It’s a claim you’ve heard us make countless times: orchids are easy to care for. And it’s true — they are! Yet, even the lowest maintenance plants can lead to care mistakes. While some orchid care mistakes are minor and won’t affect the overall health of your plant, others could be damaging to growth and reblooming. Even worse, some mistakes can be lethal to your orchid.
That’s why today, we’re examining the four most common mistakes novice orchid owners make…so you can avoid making them, too.
Perhaps the most common mistake orchid owners make is overwatering. Unlike many houseplants that need frequent watering, orchids only need a few ice cubes per week. Using ice instead of water helps your orchid better absorb water as it slowly melts and prevents overwatering. Straying from this method could cause your plant to suffer from root rot.
Luckily, if you do think your orchid is suffering from overwatering, it might not be too late. Often, simply letting the roots dry out can solve the problem, but if that doesn’t work, you can remove the damaged areas and repot your orchid once it finishes blooming.
Even though orchids need minimal water, it is still possible to under-water. You’ll know if your orchid hasn’t been getting enough water if the roots become gray and shriveled instead of green and plump. A very dehydrated orchid may start to lose buds before they open — also called “bud blast” — or experience yellowed leaves.
But with convenient watering reminders and a simple watering schedule, under-watering is the single most preventable orchid care mistake. Stick to the three ice cube method and don’t let under-watering happen to your plant.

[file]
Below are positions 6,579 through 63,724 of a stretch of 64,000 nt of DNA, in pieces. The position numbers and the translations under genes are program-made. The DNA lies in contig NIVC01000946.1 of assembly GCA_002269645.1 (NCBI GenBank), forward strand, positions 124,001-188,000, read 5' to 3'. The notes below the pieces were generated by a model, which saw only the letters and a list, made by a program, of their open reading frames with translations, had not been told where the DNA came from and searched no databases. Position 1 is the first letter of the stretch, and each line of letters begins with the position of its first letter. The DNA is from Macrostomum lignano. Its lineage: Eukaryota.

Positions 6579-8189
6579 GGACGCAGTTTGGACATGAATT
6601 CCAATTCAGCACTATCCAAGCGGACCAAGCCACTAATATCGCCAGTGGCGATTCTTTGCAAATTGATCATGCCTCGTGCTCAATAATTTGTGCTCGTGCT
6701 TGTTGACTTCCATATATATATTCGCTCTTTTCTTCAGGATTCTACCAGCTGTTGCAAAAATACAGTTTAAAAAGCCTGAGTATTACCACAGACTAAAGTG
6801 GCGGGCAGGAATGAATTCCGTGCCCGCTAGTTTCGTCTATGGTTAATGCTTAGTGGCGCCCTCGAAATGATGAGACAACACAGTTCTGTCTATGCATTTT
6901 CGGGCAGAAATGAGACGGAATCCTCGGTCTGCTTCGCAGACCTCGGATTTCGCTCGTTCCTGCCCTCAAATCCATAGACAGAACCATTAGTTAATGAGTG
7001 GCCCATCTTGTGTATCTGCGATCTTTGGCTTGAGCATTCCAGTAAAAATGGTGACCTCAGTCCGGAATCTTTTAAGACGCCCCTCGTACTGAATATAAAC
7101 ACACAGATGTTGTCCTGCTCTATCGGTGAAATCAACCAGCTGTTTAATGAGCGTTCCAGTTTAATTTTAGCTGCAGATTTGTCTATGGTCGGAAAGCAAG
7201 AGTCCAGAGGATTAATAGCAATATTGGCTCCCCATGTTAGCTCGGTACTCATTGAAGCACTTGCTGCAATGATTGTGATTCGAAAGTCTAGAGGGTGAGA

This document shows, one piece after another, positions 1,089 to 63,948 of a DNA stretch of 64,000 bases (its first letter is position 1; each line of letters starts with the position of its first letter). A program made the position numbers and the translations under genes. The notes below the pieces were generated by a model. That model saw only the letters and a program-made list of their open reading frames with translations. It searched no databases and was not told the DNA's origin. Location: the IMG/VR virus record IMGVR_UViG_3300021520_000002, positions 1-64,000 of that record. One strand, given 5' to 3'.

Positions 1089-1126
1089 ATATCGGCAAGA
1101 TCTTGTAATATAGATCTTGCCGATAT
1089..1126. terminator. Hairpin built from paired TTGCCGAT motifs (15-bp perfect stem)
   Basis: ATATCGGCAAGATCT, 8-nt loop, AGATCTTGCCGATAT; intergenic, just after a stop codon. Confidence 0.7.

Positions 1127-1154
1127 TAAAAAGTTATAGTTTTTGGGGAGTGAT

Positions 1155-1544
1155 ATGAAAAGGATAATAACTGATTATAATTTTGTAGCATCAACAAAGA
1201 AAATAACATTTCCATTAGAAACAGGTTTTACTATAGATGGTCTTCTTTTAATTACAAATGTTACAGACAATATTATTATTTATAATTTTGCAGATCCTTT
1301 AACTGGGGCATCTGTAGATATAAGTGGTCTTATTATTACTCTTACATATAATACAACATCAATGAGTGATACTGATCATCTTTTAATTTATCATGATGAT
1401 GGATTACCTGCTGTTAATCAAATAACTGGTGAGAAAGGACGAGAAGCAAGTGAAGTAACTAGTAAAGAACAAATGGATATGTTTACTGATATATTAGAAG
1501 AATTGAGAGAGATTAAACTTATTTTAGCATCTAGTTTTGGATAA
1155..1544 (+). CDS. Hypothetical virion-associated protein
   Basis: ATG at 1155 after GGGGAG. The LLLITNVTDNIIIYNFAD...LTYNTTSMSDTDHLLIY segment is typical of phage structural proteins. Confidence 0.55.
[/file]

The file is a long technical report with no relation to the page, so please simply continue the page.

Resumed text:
Lack of Light
Orchids thrive on indirect light, but some orchid owners are so worried about the “indirect” aspect that they don’t expose their plant to enough light. Just like the proper amount of water is a delicate balance, too much or too little light can cause problems. Overexposure can cause dehydration and sunburn, while lack of light can cause flower loss.
Ideally, you should display your orchid in a room that receives lots of natural light, but not directly in a window. However, if you are set on putting your orchid on a windowsill, choose a window that is north and west-facing to ensure the least direct sun exposure.
Unless you live in a very dry climate, maintaining the desired humidity levels of your home shouldn’t be a problem for your orchid’s health. However, low humidity can cause problems during the winter, leading to wrinkled leaves and bud blast. Keep in mind that since orchids are tropical plants, they need the humidity in their environment to be kept between 55 and 75 percent.
If you need to increase the humidity level for your orchid, try misting the leaves, or running a humidifier.
Now that you’re aware of these common mistakes, you can take steps to avoid them — ensuring your orchid stays happy, healthy and thriving.
Need more help figuring out your orchid’s health problems? Check out this orchid diagnostic tool.